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Just beware that a yellow border is also used, by Chrome for example, to denote the input field having focus. –  Marjan Venema Apr 22 '13 at 17:54
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Interesting. I really have a brownish yellow overhere almost identical to the one in your mockup. Using Chrome "bare metal" fashion: no customisations. Could that have some influence? –  Marjan Venema Apr 22 '13 at 18:14
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Also, in Opera (depending on skin and theme), a yellow border means you have a saved login/form entry for that field. –  Steven Noto Apr 23 '13 at 1:24
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This calls for a standardization! :D –  rk. Apr 23 '13 at 11:59
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Just for the record, WebKit—including Chrome for now—implements focusRingColor based on platform. On the Mac, it's rgb(125, 173, 217) (light blue) and by default on Windows and Linux it's rgb(229, 151, 0) (gold). –  Kit Grose May 6 '13 at 5:35
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It would depend on what other colour you are using on the site. Are the fonts black?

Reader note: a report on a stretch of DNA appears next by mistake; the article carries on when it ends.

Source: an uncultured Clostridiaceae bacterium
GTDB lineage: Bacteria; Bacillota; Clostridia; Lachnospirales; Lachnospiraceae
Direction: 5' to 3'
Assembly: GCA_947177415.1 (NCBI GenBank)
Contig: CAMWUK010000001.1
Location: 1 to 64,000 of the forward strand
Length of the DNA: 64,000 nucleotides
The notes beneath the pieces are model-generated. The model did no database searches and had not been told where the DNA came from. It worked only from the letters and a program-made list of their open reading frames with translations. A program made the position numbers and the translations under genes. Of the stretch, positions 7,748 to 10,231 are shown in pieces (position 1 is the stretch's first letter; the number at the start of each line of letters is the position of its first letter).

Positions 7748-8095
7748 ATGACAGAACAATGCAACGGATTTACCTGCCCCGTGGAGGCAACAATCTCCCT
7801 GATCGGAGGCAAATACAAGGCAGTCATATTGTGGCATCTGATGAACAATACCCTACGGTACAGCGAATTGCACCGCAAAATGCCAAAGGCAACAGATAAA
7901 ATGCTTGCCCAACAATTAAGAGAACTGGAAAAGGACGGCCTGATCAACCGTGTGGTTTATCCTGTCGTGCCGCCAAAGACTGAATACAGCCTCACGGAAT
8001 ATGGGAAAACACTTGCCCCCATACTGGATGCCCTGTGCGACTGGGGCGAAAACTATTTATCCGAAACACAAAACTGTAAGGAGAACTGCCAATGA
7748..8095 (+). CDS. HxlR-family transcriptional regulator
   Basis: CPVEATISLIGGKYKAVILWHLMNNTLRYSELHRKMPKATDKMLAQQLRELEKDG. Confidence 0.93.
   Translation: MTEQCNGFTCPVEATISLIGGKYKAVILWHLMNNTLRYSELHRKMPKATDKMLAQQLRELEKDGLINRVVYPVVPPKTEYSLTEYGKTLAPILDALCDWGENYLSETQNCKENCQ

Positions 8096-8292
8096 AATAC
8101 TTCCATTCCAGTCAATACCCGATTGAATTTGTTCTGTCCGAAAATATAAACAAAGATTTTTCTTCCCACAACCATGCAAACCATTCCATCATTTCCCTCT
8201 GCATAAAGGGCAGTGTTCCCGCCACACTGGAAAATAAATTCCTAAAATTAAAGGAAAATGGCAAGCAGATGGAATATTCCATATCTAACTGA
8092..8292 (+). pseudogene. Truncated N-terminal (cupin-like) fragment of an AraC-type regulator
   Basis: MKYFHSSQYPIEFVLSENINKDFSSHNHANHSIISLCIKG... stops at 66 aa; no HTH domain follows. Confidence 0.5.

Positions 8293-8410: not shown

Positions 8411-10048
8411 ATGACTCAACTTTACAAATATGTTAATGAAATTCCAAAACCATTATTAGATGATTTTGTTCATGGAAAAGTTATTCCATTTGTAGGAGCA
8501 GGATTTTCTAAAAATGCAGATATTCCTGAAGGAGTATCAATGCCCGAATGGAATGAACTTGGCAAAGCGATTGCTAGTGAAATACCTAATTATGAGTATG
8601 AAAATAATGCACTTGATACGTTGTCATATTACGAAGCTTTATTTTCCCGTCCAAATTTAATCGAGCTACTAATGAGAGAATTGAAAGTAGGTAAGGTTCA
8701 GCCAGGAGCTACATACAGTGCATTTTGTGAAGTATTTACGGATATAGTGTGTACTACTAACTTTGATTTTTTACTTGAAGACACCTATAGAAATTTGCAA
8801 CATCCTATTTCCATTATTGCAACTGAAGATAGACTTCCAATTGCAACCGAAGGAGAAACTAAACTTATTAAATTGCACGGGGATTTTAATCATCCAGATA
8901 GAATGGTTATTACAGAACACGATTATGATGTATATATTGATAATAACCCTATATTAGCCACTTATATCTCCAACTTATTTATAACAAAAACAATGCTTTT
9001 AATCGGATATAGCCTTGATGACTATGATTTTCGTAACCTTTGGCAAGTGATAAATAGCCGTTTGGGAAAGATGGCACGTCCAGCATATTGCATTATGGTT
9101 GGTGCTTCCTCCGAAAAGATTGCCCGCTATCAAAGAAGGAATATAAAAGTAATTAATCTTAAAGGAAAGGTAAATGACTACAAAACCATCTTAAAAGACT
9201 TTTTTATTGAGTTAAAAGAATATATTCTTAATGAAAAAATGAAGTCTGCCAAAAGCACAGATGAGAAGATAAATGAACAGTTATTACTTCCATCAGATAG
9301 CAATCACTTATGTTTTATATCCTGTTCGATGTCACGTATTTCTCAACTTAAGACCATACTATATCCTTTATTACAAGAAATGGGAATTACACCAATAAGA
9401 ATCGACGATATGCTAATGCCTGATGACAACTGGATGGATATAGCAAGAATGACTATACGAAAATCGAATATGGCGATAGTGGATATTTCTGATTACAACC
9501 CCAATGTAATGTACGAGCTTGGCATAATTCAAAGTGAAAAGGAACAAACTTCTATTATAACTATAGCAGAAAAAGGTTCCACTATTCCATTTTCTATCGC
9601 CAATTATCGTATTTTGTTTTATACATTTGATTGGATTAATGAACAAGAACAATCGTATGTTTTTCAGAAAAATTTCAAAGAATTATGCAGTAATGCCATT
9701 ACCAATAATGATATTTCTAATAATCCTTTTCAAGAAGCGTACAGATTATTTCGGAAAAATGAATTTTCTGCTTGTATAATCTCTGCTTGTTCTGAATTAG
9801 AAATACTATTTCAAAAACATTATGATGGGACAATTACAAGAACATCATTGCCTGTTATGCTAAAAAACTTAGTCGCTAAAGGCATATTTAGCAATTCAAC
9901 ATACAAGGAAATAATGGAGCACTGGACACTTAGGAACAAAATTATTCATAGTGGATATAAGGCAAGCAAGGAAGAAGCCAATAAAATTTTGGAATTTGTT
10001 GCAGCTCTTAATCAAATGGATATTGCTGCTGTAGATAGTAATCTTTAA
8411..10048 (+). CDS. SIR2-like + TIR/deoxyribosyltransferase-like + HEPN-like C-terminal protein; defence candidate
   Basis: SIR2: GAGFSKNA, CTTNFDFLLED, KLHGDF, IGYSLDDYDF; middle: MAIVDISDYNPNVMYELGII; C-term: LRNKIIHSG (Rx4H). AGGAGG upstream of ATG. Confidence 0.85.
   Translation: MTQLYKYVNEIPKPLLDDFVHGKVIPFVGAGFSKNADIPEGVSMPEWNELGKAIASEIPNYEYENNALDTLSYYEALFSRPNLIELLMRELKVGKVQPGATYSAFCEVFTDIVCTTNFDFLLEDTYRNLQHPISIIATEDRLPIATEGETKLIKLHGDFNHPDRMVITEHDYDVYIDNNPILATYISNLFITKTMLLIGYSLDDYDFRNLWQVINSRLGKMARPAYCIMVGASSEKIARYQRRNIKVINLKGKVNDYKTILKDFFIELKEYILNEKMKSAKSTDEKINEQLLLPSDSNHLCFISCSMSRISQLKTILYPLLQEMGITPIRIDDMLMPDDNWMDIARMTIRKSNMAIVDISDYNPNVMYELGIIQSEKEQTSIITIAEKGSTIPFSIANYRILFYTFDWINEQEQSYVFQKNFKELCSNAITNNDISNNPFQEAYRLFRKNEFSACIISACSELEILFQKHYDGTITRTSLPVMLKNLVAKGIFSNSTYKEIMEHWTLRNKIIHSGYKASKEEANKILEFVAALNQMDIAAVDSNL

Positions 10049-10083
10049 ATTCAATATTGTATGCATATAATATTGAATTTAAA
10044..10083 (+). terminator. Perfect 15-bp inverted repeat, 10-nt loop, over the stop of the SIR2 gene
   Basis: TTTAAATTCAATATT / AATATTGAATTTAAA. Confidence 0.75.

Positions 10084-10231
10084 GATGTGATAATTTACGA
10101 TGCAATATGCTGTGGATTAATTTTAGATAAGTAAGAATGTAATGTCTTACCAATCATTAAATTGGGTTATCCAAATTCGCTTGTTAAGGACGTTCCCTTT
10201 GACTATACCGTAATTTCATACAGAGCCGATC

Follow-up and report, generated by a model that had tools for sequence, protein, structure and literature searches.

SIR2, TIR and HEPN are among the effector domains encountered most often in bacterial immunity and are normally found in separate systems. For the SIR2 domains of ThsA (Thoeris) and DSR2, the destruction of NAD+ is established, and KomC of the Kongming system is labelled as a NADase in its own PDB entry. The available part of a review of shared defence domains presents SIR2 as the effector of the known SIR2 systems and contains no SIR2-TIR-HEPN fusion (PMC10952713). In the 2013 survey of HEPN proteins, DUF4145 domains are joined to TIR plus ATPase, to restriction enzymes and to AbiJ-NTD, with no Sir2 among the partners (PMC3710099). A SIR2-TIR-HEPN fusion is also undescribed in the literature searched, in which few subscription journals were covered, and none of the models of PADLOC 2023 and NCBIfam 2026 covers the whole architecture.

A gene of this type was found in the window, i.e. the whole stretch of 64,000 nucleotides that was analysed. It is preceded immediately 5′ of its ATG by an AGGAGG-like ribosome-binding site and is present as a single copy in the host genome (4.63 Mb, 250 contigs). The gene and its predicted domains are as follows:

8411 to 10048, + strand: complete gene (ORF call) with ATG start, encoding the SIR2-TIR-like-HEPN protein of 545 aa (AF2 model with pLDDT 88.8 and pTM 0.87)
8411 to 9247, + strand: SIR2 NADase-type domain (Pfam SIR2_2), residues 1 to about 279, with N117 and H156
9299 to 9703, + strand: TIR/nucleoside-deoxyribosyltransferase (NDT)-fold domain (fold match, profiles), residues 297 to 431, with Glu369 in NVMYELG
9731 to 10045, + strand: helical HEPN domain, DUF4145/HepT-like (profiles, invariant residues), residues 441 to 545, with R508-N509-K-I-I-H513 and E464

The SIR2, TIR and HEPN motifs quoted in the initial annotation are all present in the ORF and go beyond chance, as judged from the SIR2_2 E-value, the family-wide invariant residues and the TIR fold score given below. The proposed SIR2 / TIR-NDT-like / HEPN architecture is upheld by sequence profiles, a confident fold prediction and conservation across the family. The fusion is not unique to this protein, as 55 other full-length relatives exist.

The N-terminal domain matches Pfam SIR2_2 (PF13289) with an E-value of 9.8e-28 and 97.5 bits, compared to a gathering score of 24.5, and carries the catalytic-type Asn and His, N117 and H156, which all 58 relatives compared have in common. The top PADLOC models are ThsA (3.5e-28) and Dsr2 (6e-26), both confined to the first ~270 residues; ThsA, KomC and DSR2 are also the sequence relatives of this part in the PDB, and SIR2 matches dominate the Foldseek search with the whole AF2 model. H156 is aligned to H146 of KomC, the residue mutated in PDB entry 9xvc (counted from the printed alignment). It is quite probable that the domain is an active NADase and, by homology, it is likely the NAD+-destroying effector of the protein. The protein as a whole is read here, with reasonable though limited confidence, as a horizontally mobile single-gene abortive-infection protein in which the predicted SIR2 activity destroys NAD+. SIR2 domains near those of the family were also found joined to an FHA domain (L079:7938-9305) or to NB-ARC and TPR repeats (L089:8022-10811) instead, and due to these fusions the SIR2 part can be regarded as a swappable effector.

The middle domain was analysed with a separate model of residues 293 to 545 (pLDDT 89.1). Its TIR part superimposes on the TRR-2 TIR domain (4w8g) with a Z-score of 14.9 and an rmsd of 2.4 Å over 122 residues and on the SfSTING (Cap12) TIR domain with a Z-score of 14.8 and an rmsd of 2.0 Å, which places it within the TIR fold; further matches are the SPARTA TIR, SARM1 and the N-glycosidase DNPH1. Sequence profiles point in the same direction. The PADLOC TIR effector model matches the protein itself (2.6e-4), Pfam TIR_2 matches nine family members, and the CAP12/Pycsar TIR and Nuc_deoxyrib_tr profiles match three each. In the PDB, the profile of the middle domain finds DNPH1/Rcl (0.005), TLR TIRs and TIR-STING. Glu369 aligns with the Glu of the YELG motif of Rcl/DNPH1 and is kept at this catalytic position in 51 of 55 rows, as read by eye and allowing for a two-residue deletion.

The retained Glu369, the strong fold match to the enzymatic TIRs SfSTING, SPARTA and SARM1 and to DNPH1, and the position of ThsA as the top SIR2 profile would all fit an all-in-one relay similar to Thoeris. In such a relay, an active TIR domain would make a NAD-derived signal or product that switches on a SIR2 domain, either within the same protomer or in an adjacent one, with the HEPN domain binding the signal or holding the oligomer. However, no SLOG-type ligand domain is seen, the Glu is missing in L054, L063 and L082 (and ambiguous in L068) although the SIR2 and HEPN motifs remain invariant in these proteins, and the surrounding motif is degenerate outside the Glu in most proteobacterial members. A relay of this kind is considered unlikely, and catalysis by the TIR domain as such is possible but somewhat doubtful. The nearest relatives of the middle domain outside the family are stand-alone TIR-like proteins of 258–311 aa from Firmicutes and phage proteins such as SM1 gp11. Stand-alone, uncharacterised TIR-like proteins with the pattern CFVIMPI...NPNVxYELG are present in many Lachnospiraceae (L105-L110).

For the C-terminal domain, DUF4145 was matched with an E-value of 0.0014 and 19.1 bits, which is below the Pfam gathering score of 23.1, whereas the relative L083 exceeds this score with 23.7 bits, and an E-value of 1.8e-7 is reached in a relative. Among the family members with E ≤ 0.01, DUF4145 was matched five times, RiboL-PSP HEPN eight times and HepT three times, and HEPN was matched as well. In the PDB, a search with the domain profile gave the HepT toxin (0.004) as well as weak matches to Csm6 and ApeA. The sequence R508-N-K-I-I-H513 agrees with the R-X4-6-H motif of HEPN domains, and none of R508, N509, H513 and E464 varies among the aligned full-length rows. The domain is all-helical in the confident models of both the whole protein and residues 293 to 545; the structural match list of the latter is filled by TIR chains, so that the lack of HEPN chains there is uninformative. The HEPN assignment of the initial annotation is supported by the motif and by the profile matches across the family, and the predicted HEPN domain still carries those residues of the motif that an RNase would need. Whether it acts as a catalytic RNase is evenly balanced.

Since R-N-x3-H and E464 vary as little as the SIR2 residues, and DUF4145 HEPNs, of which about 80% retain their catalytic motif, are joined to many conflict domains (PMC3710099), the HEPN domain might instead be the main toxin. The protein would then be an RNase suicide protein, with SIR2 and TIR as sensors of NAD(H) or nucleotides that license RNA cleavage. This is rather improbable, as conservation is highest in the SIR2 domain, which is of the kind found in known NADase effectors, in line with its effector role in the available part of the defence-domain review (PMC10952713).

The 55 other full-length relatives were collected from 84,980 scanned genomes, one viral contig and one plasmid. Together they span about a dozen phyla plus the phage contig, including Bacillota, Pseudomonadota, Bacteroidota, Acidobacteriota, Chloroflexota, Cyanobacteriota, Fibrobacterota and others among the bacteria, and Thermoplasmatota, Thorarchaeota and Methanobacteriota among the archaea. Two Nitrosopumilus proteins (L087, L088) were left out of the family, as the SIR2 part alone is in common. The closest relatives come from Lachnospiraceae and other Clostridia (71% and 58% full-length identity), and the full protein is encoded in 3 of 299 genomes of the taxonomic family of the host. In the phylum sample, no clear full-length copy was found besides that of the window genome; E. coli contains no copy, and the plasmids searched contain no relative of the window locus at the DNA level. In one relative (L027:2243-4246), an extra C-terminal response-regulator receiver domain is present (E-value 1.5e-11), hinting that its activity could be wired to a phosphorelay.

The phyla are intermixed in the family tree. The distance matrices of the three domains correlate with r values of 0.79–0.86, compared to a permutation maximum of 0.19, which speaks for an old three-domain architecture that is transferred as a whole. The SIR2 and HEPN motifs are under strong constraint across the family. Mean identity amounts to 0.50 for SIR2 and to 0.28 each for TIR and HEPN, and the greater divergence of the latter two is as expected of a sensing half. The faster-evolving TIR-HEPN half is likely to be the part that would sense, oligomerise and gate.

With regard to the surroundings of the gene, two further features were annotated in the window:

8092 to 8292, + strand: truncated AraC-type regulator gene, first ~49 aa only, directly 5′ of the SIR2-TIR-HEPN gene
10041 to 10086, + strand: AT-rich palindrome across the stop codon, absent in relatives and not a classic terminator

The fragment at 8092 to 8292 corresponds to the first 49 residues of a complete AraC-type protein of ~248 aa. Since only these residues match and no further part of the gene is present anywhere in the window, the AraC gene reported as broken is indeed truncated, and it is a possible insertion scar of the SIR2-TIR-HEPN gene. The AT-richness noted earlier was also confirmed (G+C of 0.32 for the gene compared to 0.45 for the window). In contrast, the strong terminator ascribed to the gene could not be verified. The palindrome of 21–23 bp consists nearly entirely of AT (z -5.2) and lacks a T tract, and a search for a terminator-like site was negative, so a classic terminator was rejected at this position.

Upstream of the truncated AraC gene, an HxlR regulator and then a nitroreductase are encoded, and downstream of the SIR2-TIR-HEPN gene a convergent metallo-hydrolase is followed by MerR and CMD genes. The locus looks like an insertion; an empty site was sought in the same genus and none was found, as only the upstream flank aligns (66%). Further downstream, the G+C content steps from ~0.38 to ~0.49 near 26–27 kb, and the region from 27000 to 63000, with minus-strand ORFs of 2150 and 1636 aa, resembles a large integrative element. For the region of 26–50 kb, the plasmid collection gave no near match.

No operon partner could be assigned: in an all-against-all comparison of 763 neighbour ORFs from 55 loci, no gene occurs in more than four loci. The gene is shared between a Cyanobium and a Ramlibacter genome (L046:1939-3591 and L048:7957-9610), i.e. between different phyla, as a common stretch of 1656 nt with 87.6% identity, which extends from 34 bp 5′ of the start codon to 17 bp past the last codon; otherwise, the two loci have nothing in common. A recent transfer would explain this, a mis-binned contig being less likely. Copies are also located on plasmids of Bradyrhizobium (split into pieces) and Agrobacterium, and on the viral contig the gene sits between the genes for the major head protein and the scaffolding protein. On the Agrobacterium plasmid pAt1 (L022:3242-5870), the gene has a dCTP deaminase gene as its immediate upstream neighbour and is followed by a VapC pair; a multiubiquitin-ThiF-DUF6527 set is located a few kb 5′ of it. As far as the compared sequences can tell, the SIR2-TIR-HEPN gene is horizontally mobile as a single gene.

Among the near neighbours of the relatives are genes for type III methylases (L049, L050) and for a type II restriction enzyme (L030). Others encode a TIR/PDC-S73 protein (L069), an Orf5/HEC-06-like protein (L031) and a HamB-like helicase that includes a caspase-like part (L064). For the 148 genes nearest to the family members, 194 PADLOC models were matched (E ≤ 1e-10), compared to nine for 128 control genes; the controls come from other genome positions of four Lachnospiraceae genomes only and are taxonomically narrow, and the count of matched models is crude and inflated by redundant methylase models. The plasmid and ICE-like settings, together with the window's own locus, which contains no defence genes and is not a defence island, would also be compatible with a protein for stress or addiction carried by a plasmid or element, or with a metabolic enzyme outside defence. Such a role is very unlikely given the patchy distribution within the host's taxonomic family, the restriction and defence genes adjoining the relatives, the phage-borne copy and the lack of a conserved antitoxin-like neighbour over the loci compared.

Some options that you have are: - Displaying a white background box with an icon in red. i.e. exclamation mark - Dark red border - white border dotted line

If you get a good icon - noticeable border - contrast colour and it's consistent and clear that is an error it should be obvious to the user that it is an error.

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@AndroidHustle stated it perfectly in his answer. Context is the key in everything, if a user is filling out a form and they try to submit it and you give them errors telling them exactly what is wrong then they will have no problem understanding that the red lines that just appeared next to the form are validation messages.

Try not to break the mold by using different colors for validation error messages. Red has a lot of meanings but one thing that red does do is catch our attention so using colors like yellow may not attract as much attention as red.